Influencing Healthcare, LLC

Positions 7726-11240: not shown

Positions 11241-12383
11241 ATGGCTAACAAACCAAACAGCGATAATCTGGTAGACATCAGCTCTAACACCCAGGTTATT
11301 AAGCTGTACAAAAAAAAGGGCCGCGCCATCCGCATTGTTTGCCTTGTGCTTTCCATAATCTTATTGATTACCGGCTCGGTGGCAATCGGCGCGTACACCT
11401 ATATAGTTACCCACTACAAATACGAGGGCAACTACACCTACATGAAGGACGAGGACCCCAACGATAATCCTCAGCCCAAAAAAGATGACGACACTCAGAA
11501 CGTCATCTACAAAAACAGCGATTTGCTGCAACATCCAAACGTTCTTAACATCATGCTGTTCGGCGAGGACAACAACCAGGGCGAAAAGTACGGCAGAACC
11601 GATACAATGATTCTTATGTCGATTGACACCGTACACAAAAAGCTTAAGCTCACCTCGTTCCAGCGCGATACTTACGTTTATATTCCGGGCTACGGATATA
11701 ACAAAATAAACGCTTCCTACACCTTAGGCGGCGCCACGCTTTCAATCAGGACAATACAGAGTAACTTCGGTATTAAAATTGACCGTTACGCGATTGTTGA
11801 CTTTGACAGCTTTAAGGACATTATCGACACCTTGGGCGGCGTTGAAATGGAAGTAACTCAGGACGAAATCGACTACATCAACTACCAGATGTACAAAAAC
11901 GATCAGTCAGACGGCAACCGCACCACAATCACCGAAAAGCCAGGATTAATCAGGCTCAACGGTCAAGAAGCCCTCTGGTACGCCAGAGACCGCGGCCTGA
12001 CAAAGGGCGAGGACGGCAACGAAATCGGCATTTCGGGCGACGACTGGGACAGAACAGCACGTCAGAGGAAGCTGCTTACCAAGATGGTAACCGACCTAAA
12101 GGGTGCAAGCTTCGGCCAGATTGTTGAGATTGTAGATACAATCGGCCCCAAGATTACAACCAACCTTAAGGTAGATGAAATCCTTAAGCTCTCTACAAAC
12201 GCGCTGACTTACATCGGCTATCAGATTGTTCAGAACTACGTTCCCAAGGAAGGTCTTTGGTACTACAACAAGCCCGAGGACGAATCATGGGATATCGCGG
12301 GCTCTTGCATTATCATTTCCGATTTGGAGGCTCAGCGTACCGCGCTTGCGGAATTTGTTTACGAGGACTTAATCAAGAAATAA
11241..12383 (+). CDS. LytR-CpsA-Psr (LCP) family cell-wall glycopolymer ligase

Dr. Ellison is an ABEM certified Emergency Medicine physician who has found her encore career in engagement and well-being. Communication, compassion, community and connection are core to her approach. She has collaborated to create accessible resources for well-being during the COVID-19 pandemic. As the president of Influencing Healthcare, LLC she has leveraged her leadership and clinical experience to create collaborative healthcare cultures through coaching, workshops and retreats. She is a global steward of Art of Hosting and uses these skills to create inclusive spaces for robust conversations. Most recently she has been conducting retreats aimed for post-traumatic growth. Dr. Ellison has been sharing Stress management and resilience training (SMART) techniques with her coaching clients since 2013 and teaching the SMART program since 2018. She is a certified SMART trainer and certified professional coach.